// do your transformation here...
      return post
    }
  }]
})

We run a default transform function that cleans up response objects for you, out of the box. However, if you'd like to disable this and get back the raw response directly from rooftop, if you pass false as the value of transform, it will come back untouched.

const locals = {}

new Rooftop({
  addDataTo: locals,
  url: 'xxx',
  apiToken: 'xxx',
  contentTypes: [{
    name: 'posts',
    transform: false // disable our standard transform function
  }]
})

Using the template option allows you to write objects returned from Rooftop to single page templates. For example, if you are trying to render a blog as static, you might want each post returned from the API to be rendered as a single page by itself.

The template option is an object with path and output keys. path is an absolute or relative path to a template to be used to render each item, and output is a function with the currently iterated item as a parameter, which should return a string representing a path relative to the project root where the single view should be rendered. For example:

const locals = {}

new Rooftop({
  addDataTo: locals,
  url: 'xxx',
  apiToken: 'xxx',
  contentTypes: [{
    name: 'posts',
    template: {
      path: 'templates/post.html',
      output: (post) => { return `posts/${post.slug}.html` }
    }
  }]
})

Your template must use the item variable as seen below. Note you also will need to prevent Spike from attempting to render your template file normally by adding your templates to Spike's ignore option, or adding an underscore to the file name.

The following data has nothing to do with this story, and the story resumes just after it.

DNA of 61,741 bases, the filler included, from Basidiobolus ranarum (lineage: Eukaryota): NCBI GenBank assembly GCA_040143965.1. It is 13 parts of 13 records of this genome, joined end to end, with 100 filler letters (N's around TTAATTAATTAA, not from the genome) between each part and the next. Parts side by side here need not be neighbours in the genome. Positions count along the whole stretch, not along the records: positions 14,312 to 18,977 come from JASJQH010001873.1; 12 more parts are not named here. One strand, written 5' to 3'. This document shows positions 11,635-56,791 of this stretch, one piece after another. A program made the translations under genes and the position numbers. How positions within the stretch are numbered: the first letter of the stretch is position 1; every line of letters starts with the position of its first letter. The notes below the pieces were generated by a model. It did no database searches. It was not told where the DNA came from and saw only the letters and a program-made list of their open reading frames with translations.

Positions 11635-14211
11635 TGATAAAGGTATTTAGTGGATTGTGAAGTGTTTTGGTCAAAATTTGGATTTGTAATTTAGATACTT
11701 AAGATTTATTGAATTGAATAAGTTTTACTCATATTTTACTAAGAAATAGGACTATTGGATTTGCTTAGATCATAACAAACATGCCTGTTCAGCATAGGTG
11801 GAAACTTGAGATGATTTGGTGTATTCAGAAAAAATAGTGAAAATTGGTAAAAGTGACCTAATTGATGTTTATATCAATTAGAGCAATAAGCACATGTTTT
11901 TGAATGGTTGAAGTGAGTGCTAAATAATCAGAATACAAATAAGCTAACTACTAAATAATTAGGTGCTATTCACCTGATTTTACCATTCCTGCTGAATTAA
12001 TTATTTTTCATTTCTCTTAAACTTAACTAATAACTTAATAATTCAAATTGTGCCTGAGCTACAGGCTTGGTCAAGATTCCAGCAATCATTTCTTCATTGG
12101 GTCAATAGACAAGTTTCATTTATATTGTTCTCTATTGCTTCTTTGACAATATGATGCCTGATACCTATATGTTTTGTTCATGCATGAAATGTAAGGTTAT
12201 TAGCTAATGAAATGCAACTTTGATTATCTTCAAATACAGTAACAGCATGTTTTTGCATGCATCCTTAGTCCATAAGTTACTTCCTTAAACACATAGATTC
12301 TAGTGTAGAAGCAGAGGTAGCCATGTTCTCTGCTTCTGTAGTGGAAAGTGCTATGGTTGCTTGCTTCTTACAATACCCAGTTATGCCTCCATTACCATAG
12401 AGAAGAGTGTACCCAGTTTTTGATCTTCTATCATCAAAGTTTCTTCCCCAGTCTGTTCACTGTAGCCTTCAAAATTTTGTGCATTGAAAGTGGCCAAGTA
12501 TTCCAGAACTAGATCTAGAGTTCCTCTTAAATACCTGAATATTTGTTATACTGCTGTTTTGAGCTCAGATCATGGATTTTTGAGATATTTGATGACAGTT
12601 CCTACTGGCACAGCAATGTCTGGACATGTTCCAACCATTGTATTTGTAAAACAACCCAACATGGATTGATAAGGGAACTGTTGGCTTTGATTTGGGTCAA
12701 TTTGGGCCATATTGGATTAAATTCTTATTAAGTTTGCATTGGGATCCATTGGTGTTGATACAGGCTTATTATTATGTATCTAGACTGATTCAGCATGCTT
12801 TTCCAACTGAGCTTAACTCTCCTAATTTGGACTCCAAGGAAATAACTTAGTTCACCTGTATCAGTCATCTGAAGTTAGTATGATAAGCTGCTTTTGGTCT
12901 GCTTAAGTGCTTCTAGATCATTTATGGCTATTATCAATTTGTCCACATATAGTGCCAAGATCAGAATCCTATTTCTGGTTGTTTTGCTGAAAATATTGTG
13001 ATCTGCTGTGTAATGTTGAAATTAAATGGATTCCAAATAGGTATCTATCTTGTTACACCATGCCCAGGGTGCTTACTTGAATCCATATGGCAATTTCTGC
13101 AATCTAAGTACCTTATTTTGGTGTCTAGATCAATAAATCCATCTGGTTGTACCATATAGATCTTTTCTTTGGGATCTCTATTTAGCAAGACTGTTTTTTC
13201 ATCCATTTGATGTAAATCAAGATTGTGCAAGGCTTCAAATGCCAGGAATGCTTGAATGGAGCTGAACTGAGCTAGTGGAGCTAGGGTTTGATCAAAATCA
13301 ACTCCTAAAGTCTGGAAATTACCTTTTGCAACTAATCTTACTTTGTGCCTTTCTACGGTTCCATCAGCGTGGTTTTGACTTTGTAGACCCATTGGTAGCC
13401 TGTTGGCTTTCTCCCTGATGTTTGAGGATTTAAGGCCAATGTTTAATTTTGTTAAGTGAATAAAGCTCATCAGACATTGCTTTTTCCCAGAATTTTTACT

<p>{item.title}</p>

Finally, if you'd like to have the output written locally to a JSON file so that it is effectively cached locally, you can pass the name of the file, resolved relative to your project's output, as a json option to the plugin. For example:

const locals = {}

new Rooftop({
  addDataTo: locals,
  url: 'xxx',
  apiToken: 'xxx',
  contentTypes: ['posts'],
  json: 'data.json'
})

If you'd like to use our default transform outside of the library, this is also available as an export. For example, you could include it and use it with client-side js responses.

const Rooftop = require('spike-rooftop')
console.log(Rooftop.transform)

Hooks

If you've read this far down, you're ready to unlock some true power over your rooftop content.

postTransform

This function allows you to modify all posts & your locals AFTER you've modified your content in your contentTypes - transform, and BEFORE you the templates are compiled. You must return an array with the first index containing the posts object and the second index containing the locals object.

NOTE: We have written tests to verify if nothing is passed in here, the data will not be modified in anyway. If you've added a postTransform hook and you have an error, start debugging here 😄

const locals = {}

new Rooftop({
  addDataTo: locals,
  url: 'xxx',
  apiToken: 'xxx',
  hooks: {
    postTransform: (posts, locals) => {
      // posts = { posts: {} }
      // locals = {}
      return [posts, locals]
    }
  },
  contentTypes: ['posts'],
  json: 'data.json'
})

Testing

This project uses the rooftop-seeds project, which is a hosted rooftop instance with a public read-only key used specifically for testing OSS products that rely on rooftop. Please do not abuse this free service.

If any changes are needed to the test data in order to properly test a new feature, please file an issue and we will make the changes as required!

License & Contributing